5 Reasons Why We Love the Ikon Pass

Pack it into the iconic 125-passenger aerial tram at Snowbird in Utah, now on the Ikon Pass. Photo: Matt Crawley

The 2017/2018 ski season began with a late and interesting start (seriously, Florida, stop stealing our snow), yet we’re already talking about next year. Specifically, the new Ikon Pass.

Season passes are always changing to gain any advantage over the competing passes (like the Epic Pass adding Telluride for next season) and the Ikon Pass is slated to be a game changer.

Here are the top five reasons why we are stoked for the Ikon Pass.

One Pass, 26 Mountains

Steamboat has snow, trees, and a bit of nightlife for whatever you are in the mood for. Photo: Loryn Kasten

“There’s always been this vision to build a larger mountain destination company,” says Erik Forsell, Chief Marketing Officer of Alterra Mountain Company, a Denver-based company comprised of Steamboat, Winter Park Resort, Squaw Valley Alpine Meadows, Mammoth Mountain, June Mountain, Big Bear Mountain Resort, Stratton, Snowshoe, Tremblant, Blue Mountain, Deer Valley, and CMH Heli-Skiing and Summer Adventures.

“We knew we could put our 12 together, but if we wanted to add more value to this thing, where else would we want to go?” continues Forsell. “What are some other bucket list destinations?”

The Ikon Pass includes 26 resorts under one easy swipe. For loyal customers of the MAX Pass, Rocky Mountain Super Pass, and the Cali4nia Pass, Ikon will be quite a change — all three of those passes are nixed for next season.

Rather, destinations from each pass will be added to the Ikon Pass, including Eldora, Copper, Winter Park, and Steamboat (previously on the Rocky Mountain Super Pass and the MAX Pass); Big Sky, Stratton, Killington, Sugarloaf, Sunday River, Loon, Snowshoe, Tremblant in Quebec and Blue Mountain in Ontario (previously on the MAX Pass); Mammoth Mountain, June Mountain, and Big Bear Mountain Resort (previously on the Cali4nia Pass); plus Aspen Snowmass, Squaw Valley Alpine Meadows, Jackson Hole, and Alta, Deer Valley, and Snowbird in Utah, as well as CMH heli-skiing, and Banff Sunshine, Lake Louise, and Mt. Norquay in Alberta, Revelstoke in British Columbia, and Sugarbush in Vermont.

That’s Right, Heli-Skiing

Revelstoke’s massive mountains and intense terrain is waiting for you. Are you ready? Photo: Ian Houghton

If you are looking for some next-level skiing or riding, this is your pass. Alterra Mountain Company owns Canada Mountain Holidays (CMH) Heli-skiing and Summer Adventures, the world’s largest heli-ski operation.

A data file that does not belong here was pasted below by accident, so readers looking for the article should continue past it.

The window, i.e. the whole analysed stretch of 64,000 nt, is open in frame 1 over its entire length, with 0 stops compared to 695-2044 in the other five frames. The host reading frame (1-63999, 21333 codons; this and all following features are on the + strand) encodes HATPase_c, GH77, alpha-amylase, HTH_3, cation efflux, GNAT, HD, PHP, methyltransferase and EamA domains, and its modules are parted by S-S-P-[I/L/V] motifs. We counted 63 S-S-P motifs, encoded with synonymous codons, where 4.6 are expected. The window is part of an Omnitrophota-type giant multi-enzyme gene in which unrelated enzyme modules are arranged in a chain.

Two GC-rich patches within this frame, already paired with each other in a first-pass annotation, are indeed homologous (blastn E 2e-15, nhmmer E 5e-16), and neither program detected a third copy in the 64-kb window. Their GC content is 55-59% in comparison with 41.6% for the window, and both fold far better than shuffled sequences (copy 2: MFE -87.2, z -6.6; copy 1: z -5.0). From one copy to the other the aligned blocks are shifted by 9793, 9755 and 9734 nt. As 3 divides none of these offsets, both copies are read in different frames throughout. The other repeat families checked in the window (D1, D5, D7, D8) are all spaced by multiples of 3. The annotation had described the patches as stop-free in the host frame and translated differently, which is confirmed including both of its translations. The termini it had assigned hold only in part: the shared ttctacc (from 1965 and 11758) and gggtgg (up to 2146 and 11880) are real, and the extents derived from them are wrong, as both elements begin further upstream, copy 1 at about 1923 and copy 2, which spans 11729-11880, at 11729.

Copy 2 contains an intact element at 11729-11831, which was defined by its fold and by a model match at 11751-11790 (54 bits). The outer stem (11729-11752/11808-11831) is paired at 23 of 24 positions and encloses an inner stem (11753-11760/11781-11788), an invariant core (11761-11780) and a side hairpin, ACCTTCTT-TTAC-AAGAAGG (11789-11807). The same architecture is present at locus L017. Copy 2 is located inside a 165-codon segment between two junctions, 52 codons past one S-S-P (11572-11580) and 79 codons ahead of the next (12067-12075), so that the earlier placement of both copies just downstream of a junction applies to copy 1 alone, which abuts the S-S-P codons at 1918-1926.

You won’t get full-fledged days in the chopper free of charge with your pass (bummer) but you will have access to early winter bookings and even summer discounts (score).

Versatility That You’ll Need

With the Ikon Pass, you can bask in the crushing mountains of Lake Louise in Alberta, Canada. Photo: Reuben Krabbe

Similar to competing passes on the market, the Ikon Pass won’t be a single-option free-for-all with unlimited access to all 26 places. The pass has a full option for $899, and a base option for $599. The pricier option includes unlimited access at Steamboat, Winter Park, Copper, Eldora, Squaw Valley Alpine Meadows, Mammoth, Big Bear, June, Stratton, Snowshoe, Tremblant, and Blue; you’ll get seven days (with no blackout days) each at Deer Valley, Jackson Hole, Big Sky, Killington, Revelstoke, and Sugarbush. At Aspen, Snowmass, Alta Snowbird, Sunday River, Sugarloaf, Loon Mountain, and Banff Sunshine, Lake Louise, Mt. Norquay, pass holders will get seven days combined.

For the base pass, you’ll get unlimited days at Winter Park, Copper, Eldora, Squaw Valley Alpine Meadows, Mammoth Mountain, Big Bear, June, Tremblant, Blue, and Snowshoe; five days each at (with holiday blackout dates) Steamboat, Deer Valley, Jackson Hole, Big Sky, Stratton, Killington, Revelstoke, and Sugarbush. At Aspen, Snowmass, Alta Snowbird, Sunday River, Sugarloaf, Loon Mountain, and Banff Sunshine, Lake Louise, Mt. Norquay, pass holders will get five days combined.

Currently, the Epic Pass has different levels where full pass holders have unlimited access to all the resorts, while local holders have blackout days for a few resorts. The Mountain Collective Pass is a bit different, where customers have two days at each of the 16 resorts (including Aspen Snowmass, Alta, Jackson Hole, Mammoth, Squaw Valley Alpine Meadows, and Snowbird, which are also on the Ikon Pass).

Destinations That You’ll Want

Never been to Big Sky Resort in Montana? The Ikon Pass makes it easy. Photo: Jeff Engerbretson

“We built the Ikon Pass whether you stay at your home mountain or if you have always wanted to take that trip to Steamboat or Jackson Hole or Aspen to take a longer destination trip,” Forsell says. “We have a product for people who want to stay in the east, the west, or for people who just want to stay up in their area of Canada or in the Rockies.”

The 26 locations cover basically every region worth visiting, minus overseas: California, Colorado, Maine, Montana, New Hampshire, Utah, West Virginia, Wyoming and Canada.

It’s Only Going to Get Better

Shred the gnar at Bear Mountain in California. Photo: Justin Kanton

“Today, we have 26 destinations,” Forsell says. “But we are always looking at new opportunities. People want the chance to chase the snow or try somewhere new.”

Does that mean more mountains with more snow and more trails? Yup.

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